7 Tips to Keep up on Hydration

Water intake and keeping your body hydrated is the greatest thing you can do for total body health. Water is one of the most important elements for all living things, and up to 60 percent of the human adult body is made of water! It’s essential for bodily functions, supplying nutrients throughout the body and removing waste, and maintaining blood circulation and body temperature. Without water, or without enough of it, we can become dehydrated. Getting enough water every day is important to keeping your body functioning correctly!

Dehydration might show itself in the form of muscle cramps, fatigue, thirst, and other unpleasant symptoms. Our thinking and cognition can suffer. We might lose appetite, experience mild constipation and lightheadedness, or even come down with kidney stones.

Keep reading today’s blog entry for the 101 on staying hydrated, active, and healthy!


How Much Water Do You Need?

When it comes to water intake and hydration, there is never a one-size-fits-all formula for a daily intake. The amount of water you should drink daily depends on your body, your health conditions, your medications, and other factors.

Because there is no standard for how much plain water adults and children should drink daily, there are general recommendations for our bodies in general. The rule of thumb should be female-identifying bodies should drink approximately 2.7 liters of water each day while male-identifying bodies should average 3.7 liters of total water. 

Another way to be more tailored in your water intake would be to divide your body weight (in pounds) by two and drink that number of ounces each day. 

Regardless, drinking water and optimizing your hydration should be a part of your daily routine, not something you have to go out of your way to do!

How to Stay Hydrated

The key to staying safe and healthy this summer is staying hydrated. And the key to staying hydrated? Follow these 10 easy tips:

Drink water—and plenty of it!

Like we have already discussed, daily fluid intake recommendations vary by age and sex, as well as women who are actively pregnant or breastfeeding. Start by drinking a cup of water each morning when you wake up or a glass before bed. Have another glass with every meal. Drink one or two cups after working out. And to ward off dehydration, drink fluids gradually throughout the day.

Know the signs of dehydration

Does your skin feel dry, irritated, inflamed, itchy, or sensitive? That’s a sign of dehydration. Experiencing a headache or feeling dizzy or fatigued? These are signs, too. Muscle cramps, rapid breathing, fainting, and not urinating enough (or having very dark yellow urine) are others. If you’re experiencing any of these symptoms, the simple solution is to get out of the heat and drink plenty of liquids. There are small over-the-counter options like Liquid I.V. that balance out electrolytes and sodium with added vitamins and minerals. 

Avoid alcohol, sugary drinks, and/or caffeine

Did you know? — some liquids work against hydration! Drinks like coffee, sugary sodas, beer, wine and hard liquor, lemonades, sweet tea, energy drinks, smoothies, and flavored milk are all culprits. It’s because they are loaded with sugar, sodium, and other ingredients that actually remove water from your tissues. Consider swapping some of these out daily or rehydrating with more water for each dehydrating drink you consume.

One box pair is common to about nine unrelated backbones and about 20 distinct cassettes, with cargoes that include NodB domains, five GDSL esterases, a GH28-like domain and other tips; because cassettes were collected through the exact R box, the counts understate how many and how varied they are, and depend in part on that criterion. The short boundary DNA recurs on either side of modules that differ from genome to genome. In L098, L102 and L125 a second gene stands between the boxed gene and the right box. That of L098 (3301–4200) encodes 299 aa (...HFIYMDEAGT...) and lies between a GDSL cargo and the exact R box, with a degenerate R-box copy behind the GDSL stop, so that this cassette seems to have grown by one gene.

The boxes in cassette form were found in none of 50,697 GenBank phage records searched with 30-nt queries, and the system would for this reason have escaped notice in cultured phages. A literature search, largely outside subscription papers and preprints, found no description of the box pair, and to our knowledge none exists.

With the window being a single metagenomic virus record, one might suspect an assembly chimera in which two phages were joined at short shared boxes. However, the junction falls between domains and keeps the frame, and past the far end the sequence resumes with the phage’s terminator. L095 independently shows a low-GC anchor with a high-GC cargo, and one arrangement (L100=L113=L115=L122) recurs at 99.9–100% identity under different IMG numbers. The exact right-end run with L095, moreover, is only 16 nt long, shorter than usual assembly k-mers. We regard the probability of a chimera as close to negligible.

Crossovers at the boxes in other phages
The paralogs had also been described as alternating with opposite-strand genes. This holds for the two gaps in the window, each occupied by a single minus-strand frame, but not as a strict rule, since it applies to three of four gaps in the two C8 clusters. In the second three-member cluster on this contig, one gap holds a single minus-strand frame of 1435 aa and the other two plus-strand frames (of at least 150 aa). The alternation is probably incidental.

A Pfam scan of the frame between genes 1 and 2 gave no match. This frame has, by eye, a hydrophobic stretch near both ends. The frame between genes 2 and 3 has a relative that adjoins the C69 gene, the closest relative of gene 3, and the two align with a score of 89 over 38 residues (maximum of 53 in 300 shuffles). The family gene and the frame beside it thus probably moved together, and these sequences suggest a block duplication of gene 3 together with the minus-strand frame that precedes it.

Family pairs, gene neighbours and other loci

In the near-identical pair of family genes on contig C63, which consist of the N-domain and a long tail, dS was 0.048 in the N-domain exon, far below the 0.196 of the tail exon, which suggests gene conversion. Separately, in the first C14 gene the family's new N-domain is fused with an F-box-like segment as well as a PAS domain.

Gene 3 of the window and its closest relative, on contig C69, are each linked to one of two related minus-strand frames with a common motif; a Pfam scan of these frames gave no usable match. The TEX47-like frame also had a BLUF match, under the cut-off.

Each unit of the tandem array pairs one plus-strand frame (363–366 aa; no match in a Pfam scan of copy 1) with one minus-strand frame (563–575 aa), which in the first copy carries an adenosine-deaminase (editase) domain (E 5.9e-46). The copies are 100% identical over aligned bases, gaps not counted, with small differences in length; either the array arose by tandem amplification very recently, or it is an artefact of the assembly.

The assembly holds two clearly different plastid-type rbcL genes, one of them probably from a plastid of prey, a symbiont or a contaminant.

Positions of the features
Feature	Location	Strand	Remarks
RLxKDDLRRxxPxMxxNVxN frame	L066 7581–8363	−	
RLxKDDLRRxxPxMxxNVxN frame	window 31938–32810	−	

Eat foods with high water content

Did you know that approximately 80 percent of our water intake comes from drinking water? The other 20 percent comes from food. All whole fruits and vegetables contain some water, but snack on these for maximum benefit: cucumbers, celery, tomatoes, radishes, peppers, cauliflower, watermelon, spinach, strawberries, broccoli, and grapefruit. They all contain 90 percent water or higher.

Replenish when you sweat

Play a sport? Heading out on a hike? It’s essential to drink water throughout these activities. Your sweat rate, the humidity, and how long you’ve exercised are all factors to consider. Proper hydration means getting enough water before, during, and after exercise. A general recommendation for hydrating with physical activity include:

• Drink 17-20 oz. two to three hours before you exercise.

• Drink 8 oz. 20-30 minutes before you exercise.

• Drink 7-10 oz. every 10-20 minutes during exercise.

• Drink 8 oz. no more than 30 minutes after exercise.

Infuse with flavor

Not a frequent water drinker? Try sprucing up your water by adding a few simple ingredients. Limes, lemons, mint, oranges, berries, cucumbers, and other fruits improve the taste without artificial sweeteners or preservatives. This can help you drink more water than you usually do, too. You can also give coconut water a try. This mineral-rich liquid is packed with potassium, magnesium, sodium, and calcium, so it replenishes lost fluids and electrolytes from exercise and hot climates quickly.

Consider a probiotic

Our bodies are home to good and bad bacteria. They’re in our mouth, gut, and skin. Probiotics are living microorganisms found in yogurt and other cultured foods and supplements that can help improve your body’s bacteria. Taking a probiotic can help improve your immune system, protect against infection, and improve your digestion and absorption of food and nutrients—including water. Probiotics also help with several conditions associated with dehydration, including diarrhea.

Comment below and let us know how you’re planning to stay active and hydrated this summer! 

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